Date of Award

Summer 8-4-2023

Document Type

Scholarly Project

Degree Name

Doctor of Nursing Practice (DNP)

First Advisor

Sandra Swearingen

Second Advisor

Lee Petrarca


Practice Problem: Within a 12-month period, high incidences of severe post-spinal surgical complications resulted in a host of concerns in this clinical site when patients either returned to the operating room for spine revision or increased the length of stay.

PICOT: The PICOT question that guided this project was: "In Medical Surgical (Med-Surg) nurses (P), how would a Competency-Based Orientation (CBO) protocol with the inclusions of four critical elements of postoperative spinal care [POSC] (I) compared to the usual postoperative practice (C) enhance competency level in Med-Surg nurses when delivering postoperative practice at an inpatient setting (O) over 10 weeks (T)?”

Evidence: An extensive evidence literature review supported organizational reform in competence management and improves patient outcome with the development and implementation of a CBO assessment tool highlighting critical components on POSC.

Intervention: The intervention was the implementation of POSC CBO assessment tool in an inpatient hospital setting. National Association of Orthopaedic Nurses guided the CBO assessment tool to focus on four crucial elements on POSC.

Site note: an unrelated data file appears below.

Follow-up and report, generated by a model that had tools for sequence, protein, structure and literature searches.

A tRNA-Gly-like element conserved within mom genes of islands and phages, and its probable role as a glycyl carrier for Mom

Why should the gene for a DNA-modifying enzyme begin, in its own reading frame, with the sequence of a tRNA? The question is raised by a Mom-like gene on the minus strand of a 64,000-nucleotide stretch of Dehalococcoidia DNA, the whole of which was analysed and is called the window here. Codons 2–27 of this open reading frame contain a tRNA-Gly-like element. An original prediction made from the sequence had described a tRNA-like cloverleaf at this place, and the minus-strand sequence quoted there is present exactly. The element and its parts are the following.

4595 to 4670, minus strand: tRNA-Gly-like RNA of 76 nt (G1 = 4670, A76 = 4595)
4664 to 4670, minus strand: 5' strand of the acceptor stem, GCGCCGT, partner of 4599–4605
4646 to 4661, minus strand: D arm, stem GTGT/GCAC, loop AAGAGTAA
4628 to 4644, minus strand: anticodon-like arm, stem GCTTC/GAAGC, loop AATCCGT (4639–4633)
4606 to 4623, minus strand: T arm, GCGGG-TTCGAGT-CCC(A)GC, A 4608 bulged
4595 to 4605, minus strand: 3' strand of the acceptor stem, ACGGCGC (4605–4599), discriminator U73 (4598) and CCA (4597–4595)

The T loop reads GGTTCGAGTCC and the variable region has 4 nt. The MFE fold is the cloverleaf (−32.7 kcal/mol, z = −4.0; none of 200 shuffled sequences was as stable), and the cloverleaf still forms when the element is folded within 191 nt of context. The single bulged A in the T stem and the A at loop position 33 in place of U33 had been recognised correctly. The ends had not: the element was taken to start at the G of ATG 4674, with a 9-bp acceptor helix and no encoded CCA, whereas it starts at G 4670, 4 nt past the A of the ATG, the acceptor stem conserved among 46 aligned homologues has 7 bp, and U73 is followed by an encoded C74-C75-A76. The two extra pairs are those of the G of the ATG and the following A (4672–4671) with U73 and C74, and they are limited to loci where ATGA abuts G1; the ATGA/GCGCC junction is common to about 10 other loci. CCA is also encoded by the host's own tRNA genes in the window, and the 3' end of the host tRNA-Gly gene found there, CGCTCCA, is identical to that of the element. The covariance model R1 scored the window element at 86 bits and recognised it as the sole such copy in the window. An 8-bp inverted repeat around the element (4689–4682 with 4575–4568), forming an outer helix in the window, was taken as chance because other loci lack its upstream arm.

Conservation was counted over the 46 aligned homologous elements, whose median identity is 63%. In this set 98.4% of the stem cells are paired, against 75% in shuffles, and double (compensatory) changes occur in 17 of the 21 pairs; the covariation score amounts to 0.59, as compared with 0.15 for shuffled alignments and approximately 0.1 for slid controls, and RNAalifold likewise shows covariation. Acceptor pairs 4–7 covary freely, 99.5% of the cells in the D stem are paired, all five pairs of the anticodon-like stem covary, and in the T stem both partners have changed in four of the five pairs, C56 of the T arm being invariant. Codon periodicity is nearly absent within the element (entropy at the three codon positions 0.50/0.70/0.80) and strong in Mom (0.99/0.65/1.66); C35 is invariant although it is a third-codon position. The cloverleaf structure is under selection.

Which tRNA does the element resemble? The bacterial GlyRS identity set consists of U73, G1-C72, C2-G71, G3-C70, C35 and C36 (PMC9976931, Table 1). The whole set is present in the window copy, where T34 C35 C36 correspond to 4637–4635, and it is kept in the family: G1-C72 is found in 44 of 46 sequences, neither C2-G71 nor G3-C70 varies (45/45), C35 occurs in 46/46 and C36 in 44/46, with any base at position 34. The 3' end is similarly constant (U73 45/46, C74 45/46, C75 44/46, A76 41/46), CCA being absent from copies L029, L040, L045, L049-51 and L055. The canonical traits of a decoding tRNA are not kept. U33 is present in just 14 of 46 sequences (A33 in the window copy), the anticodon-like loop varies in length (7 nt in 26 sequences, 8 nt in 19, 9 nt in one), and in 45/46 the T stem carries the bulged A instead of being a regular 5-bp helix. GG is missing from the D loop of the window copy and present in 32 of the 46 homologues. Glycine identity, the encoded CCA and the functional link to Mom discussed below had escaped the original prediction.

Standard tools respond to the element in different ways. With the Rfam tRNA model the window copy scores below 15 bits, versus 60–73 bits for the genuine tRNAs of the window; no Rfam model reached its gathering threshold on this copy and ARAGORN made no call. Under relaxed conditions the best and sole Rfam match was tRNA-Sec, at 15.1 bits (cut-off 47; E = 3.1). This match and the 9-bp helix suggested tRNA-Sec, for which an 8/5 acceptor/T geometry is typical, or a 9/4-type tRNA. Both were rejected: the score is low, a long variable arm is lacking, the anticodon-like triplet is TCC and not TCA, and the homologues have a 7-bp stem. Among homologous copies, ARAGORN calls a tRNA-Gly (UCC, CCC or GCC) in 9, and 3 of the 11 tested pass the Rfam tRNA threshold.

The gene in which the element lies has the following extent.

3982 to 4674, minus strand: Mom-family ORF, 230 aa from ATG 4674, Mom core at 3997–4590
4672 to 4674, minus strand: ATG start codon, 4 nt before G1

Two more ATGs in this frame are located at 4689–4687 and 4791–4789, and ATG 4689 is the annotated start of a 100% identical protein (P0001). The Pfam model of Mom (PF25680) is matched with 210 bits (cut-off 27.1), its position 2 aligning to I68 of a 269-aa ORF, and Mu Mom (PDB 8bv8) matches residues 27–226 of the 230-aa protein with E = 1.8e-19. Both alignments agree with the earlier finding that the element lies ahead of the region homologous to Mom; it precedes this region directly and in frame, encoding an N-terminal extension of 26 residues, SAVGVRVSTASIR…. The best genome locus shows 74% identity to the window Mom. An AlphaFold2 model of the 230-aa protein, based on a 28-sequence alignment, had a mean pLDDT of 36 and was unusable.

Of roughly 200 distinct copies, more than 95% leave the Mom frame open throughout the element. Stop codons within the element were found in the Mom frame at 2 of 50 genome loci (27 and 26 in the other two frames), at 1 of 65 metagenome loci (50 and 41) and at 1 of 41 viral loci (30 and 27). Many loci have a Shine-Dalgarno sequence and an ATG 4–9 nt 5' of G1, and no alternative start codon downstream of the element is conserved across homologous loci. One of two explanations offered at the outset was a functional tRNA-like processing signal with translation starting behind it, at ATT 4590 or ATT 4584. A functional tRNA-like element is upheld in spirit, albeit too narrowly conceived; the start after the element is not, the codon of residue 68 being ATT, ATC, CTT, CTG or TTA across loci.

Outcome: Statistical significance reflected the positive impact demonstrated in improved patient recovery in clinical practice after the implementation of a POSC CBO assessment tool compared to previous standard of post-surgical care in the Med-Surg Unit. The clinically significant findings were a reduction of post-spinal complication and improvement in patient outcomes.

Conclusion: CBO assessment tool was designed to restructure the clinical site’s previous standardized nursing care in POSC. With a CBO assessment tool to clearly outline the nurses’ functional role to safely and competently deliver POSC, the rate of post-spinal complications significantly reduced and patient outcome improved nearly 90%.


Scholarly project submitted to the University of St. Augustine for Health Sciences in partial fulfillment of the requirements for the degree of Doctor of Nursing Practice

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